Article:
With the official start of the summer upon us in the heat of two closely fought Stanley Cup Semifinals, I decided to look back at the ’92-93 Canadiens on hockey-reference.com.
I don’t know why, but maybe seeing how close the current Habs are to reaching their first Stanley Cup Final since that year had me thinking. They were very close to taking a three games to one lead on the Golden Knights last night. Nicolas Roy changed that in overtime. Will Montreal regret losing Game Four? That remains to be seen. The current roster is here due to the brilliance of Carey Price. Similar to Patrick Roy in ’93 when he carried Les Habitants to a record 24th Cup. The last time a Canadian franchise won.
As I navigated through that ’92-93 championship roster, the names of Kirk Muller, Vincent Damphousse, Brian Bellows, Eric Desjardins and Mathieu Schneider were recognizable. So were Guy Carbonneau, Mike Keane and John Leclair. It’s easy to forget that they had a good roster with both Damphousse and former Devil Muller topping 90 points. They led the way for the Canadiens in the postseason along with overtime heroes Leclair, Desjardins and of course Roy, who went an incredible 10-1 in sudden death. He won his last 10 overtimes that postseason en route to the Conn Smythe.
As I looked back at that team, my mind wandered to two former Habs who won the Stanley Cup with the ’95 Devils. Of course, I’m referring to Claude Lemieux and Stephane Richer. I decided to look at who they were acquired for. While the Devils parted with Muller in the Richer deal which benefitted both teams, former Team President and GM Lou Lamoriello stole Lemieux for former 30-goal scorer Sylvain Turgeon.
Astonishingly, the brother of Pierre Turgeon once hit 40 goals twice with the Hartford Whalers. He scored 30 or more four times including his one season in New Jersey. In 72 games, he had 30 goals and 17 assists in ’89-90. Originally acquired by Lamoriello for Pat Verbeek, he atoned by getting the clutch Lemieux. Unfortunately, Turgeon never recovered from an abdominal injury early in his career. He only scored 14 goals in 75 games with Montreal before being taken by the Ottawa Senators in the Expansion Draft. He lasted three more seasons before finishing his career overseas.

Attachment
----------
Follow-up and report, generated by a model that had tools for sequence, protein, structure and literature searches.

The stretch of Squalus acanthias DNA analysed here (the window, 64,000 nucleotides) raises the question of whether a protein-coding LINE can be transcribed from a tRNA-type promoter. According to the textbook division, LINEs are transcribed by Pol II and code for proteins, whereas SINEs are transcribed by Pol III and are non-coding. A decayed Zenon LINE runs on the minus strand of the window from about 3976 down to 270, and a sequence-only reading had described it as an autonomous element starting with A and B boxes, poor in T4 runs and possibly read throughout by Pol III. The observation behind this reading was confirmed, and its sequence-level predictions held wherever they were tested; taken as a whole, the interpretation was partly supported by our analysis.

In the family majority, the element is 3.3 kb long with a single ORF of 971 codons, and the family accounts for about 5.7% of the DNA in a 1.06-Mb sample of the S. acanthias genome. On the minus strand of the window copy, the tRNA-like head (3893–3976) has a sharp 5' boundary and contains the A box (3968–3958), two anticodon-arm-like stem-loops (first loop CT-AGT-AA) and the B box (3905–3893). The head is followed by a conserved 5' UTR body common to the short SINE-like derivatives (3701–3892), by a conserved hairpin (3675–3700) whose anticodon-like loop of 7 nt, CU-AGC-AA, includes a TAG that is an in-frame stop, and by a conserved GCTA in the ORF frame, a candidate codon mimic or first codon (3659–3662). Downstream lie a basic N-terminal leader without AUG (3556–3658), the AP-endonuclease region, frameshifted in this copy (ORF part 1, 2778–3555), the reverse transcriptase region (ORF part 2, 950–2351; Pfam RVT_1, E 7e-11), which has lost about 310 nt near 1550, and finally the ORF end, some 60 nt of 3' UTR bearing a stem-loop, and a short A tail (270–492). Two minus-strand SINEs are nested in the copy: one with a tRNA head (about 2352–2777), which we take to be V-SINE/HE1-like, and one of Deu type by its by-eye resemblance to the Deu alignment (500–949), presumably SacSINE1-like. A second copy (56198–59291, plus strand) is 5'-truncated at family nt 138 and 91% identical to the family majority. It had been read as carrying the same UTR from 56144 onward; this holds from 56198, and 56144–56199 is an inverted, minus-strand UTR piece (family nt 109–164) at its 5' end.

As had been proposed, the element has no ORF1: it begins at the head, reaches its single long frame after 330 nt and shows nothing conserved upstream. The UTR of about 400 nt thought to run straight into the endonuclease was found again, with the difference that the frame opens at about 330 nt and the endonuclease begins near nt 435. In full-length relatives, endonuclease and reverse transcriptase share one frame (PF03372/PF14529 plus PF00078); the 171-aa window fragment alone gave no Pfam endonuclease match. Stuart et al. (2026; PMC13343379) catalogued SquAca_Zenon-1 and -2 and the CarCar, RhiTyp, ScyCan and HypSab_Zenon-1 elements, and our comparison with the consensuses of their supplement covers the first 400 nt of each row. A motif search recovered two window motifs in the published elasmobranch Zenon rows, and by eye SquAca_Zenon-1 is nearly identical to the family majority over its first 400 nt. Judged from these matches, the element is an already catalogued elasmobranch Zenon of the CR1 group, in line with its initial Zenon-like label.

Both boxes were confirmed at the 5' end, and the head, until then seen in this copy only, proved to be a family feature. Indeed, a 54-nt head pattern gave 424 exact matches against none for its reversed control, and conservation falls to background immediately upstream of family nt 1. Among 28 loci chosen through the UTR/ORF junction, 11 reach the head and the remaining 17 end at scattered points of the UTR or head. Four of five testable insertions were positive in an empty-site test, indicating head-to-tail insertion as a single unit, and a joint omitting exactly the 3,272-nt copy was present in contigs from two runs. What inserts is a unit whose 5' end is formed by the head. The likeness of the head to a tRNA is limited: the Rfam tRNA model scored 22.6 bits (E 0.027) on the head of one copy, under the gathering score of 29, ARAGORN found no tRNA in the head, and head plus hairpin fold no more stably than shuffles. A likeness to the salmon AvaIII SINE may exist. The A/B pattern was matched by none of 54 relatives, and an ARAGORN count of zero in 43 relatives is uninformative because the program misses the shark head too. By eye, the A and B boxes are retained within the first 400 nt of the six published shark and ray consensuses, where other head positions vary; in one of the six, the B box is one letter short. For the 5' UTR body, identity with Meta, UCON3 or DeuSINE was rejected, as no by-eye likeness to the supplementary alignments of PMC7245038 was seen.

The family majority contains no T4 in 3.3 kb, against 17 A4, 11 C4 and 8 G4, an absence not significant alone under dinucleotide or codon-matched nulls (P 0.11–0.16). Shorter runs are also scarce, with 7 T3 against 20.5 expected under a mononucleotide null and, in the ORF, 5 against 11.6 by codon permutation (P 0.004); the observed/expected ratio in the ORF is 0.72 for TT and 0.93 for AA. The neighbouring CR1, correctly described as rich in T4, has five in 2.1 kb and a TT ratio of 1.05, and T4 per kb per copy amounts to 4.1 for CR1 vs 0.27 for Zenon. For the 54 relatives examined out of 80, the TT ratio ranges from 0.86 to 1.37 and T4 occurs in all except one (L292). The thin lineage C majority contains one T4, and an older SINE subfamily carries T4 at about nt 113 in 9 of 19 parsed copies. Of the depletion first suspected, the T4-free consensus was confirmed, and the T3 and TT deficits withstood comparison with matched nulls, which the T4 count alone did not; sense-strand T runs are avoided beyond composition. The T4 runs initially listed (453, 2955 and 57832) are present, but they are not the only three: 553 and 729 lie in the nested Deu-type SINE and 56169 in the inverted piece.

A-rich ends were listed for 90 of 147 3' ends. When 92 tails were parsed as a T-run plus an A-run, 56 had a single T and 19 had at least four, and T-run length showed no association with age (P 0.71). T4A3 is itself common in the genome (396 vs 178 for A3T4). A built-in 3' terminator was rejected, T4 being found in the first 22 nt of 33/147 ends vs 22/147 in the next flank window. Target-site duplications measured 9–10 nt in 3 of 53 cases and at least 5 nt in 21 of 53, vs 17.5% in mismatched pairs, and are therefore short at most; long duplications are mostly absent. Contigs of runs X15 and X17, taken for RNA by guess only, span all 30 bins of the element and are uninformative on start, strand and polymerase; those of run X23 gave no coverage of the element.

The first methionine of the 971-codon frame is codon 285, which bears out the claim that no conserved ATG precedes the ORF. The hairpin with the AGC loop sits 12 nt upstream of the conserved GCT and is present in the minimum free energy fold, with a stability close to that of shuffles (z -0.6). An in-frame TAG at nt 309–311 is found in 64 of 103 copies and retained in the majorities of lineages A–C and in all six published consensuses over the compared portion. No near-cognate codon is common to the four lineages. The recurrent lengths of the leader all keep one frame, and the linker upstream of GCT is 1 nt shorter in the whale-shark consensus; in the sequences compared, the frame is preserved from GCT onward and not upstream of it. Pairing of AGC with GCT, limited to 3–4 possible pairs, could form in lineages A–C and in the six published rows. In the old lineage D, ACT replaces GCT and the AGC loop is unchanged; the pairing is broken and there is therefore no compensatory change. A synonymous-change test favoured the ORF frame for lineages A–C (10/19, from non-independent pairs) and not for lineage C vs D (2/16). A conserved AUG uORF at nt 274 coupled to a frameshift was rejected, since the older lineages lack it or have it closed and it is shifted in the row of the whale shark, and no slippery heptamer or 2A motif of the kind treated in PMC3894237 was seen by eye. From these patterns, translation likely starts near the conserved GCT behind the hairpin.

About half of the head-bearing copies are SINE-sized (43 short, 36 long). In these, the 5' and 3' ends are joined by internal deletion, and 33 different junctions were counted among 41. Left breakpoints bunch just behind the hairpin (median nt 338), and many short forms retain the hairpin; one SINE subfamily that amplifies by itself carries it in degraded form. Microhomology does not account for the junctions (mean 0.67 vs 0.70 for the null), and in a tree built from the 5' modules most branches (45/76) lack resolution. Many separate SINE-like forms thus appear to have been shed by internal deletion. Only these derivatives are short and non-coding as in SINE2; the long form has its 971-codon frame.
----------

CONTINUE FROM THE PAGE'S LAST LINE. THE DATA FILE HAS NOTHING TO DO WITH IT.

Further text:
As for Lemieux, a Stanley Cup winner with the ’85-86 Canadiens and runner-up in ’89, he became a significant player for the Devils. The super pest who could raise his level in the playoffs scored 30 or more three times as a Devil including a career best 41 in ’91-92. Best known for his Conn Smythe performance in helping lead the Devils to their first Cup during 1995, he rebounded from only scoring six goals in the shortened season by notching 13 during that run. That included the crushing goal at the Flyers in Game Five where he beat Ron Hextall through the wickets. The Devils wrapped up the Eastern Conference Final at home in Game Six.
Following a successful five-year run in the Garden State, Lemieux held out as a restricted free agent. Lamoriello moved on by sending him to the Islanders for Steve Thomas in a three team trade that saw Lemieux luckily wind up on the Colorado Avalanche in their first season after leaving Quebec. They sent Wendel Clark to the Islanders to complete the transaction. Lemieux wound up winning back-to-back Cups. Eventually, he returned to the Devils in ’99-00 with Lamoriello acquiring him from Colorado for Brian Rolston and a swap of first round picks plus an Avalanche second. As fate would have it, Lemieux played a secondary role on his third Cup winner in 2000, winning twice in New Jersey.
Looking back at what the Devils originally traded for Lemieux, it has to go down as one of the greatest trades in franchise history. He not only was productive. But antagonized opponents with his agitating style. He also nearly did in the ’93-94 Rangers in the memorable Game Seven of the Conference Finals. It was his second effort that resulted in Valeri Zelepukin tying the game with 7.7 seconds left in regulation to send it to overtime. He really was a good player. You despised him if he was playing against your team. But loved him if he was on your side. Something I’m sure well respected Devils blogger Hasan would echo. They don’t win that first championship without Pepe.
Now that I’ve illustrated the art of a lopsided deal that helped one area local to go on and win, it’s time to delve further into the topic. What are the greatest trades the Devils and Rangers have ever made? What I’ll do is highlight a few each time I post. In this debut, let’s look at some trades that worked out well for each team. Since I already started with one of the best moves the Devils ever made, let’s do the Rangers.